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Moss growing in the lawn

Yesterday I received this question on our Viette discussion board:

Moss is taking over the yard and choking out the grass.

Moss creeps into the lawn when grass is thin and weak due to unfavorable growing conditions.

Moss creeps into the lawn when grass is thin and weak due to unfavorable growing conditions.

Hmmm, this sounds familiar! Much of my lawn is more moss covered than grass covered.

The thing is that moss doesn’t really choke out the grass but rather it slowly creeps in and thrives under conditions that are unfavorable for the growth of most turfgrasses. Chances are that the areas where the moss is growing did not have a healthy, vigorous stand of grass to begin with. I know that’s how it is at my house. Generally moss cannot compete with grass but it can become established in the lawn when the grass is weak and thin due to poor growing conditions.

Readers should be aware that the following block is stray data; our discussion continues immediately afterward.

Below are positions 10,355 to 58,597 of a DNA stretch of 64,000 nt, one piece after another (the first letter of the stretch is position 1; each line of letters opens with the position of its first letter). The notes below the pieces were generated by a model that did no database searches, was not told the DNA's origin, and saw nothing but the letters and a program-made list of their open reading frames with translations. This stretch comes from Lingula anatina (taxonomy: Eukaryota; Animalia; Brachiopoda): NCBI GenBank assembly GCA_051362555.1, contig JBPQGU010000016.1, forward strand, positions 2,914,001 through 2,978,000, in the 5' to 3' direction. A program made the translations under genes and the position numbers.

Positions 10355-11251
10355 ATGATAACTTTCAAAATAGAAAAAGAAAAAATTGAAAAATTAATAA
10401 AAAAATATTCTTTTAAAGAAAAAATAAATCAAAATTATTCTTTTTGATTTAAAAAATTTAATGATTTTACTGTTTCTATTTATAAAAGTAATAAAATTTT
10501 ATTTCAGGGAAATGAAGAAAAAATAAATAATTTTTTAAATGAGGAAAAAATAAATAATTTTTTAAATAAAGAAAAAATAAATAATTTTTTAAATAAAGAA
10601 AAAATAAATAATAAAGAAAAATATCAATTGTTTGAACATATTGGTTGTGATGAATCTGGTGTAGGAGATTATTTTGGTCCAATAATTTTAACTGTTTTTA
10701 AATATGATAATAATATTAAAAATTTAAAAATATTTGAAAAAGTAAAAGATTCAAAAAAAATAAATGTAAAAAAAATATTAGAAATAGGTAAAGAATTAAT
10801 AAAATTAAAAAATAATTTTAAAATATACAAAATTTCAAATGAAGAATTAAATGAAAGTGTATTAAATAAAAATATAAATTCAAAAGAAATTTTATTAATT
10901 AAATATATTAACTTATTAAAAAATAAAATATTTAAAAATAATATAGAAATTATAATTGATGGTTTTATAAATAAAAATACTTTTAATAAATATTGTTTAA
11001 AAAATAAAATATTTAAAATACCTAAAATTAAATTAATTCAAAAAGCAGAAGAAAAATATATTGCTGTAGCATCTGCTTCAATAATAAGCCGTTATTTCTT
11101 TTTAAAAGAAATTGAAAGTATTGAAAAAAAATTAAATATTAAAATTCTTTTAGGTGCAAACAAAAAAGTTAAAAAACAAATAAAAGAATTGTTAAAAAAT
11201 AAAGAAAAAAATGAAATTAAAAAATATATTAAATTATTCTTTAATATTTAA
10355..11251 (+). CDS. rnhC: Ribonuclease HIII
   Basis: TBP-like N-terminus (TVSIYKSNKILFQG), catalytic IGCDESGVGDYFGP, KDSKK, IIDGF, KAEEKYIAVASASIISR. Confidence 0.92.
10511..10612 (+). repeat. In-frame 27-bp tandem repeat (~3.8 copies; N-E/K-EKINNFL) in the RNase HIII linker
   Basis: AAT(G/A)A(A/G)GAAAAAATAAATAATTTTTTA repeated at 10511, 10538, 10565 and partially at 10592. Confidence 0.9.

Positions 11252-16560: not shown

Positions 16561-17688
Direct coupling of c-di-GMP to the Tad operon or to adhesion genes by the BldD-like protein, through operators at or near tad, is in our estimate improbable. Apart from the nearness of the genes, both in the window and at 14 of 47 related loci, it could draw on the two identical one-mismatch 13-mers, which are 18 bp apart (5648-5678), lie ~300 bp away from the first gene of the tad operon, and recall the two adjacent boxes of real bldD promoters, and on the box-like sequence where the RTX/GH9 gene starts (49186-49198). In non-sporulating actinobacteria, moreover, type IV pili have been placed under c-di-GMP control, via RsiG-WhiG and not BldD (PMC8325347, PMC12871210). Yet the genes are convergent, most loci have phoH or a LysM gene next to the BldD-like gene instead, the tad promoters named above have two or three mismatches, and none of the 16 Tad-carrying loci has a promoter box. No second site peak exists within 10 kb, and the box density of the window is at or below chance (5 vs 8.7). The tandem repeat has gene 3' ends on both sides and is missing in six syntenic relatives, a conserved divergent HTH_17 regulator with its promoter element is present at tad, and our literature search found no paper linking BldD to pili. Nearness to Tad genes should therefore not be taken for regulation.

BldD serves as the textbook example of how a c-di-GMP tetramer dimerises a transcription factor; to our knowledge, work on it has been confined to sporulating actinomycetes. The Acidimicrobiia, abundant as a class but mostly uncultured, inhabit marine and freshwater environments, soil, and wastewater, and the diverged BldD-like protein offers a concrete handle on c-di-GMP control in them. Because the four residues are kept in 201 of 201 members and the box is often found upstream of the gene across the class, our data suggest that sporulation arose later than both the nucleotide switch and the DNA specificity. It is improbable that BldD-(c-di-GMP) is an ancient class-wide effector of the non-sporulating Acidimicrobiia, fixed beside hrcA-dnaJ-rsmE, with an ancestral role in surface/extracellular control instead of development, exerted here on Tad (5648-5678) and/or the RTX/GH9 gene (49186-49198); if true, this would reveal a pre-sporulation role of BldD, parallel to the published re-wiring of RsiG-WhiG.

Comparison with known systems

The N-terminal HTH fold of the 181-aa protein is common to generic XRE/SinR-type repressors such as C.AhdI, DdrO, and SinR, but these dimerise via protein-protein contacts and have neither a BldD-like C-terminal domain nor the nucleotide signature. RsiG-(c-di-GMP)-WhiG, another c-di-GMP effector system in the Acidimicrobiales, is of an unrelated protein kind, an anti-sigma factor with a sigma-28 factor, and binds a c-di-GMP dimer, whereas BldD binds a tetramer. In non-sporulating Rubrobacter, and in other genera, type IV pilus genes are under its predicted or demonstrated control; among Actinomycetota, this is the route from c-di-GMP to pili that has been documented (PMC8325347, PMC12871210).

How can you get rid of moss in the lawn?

There are several products that can be sprayed or spread on the lawn to kill moss but, unless you figure out and fix the environmental conditions that allowed it to become established in the first place, you will be throwing your money away because chances are good that it will just come back.

So what are the conditions that favor the growth of moss?

The simple answer is they grow well under the cultural conditions that are the worst for growing grass – namely shade, low soil fertility, compacted soil, poorly drained soil, acid soil …

The trick to eliminating moss growth in the lawn is to improve the growing conditions for the grass, at which point the grass will easily outcompete the moss.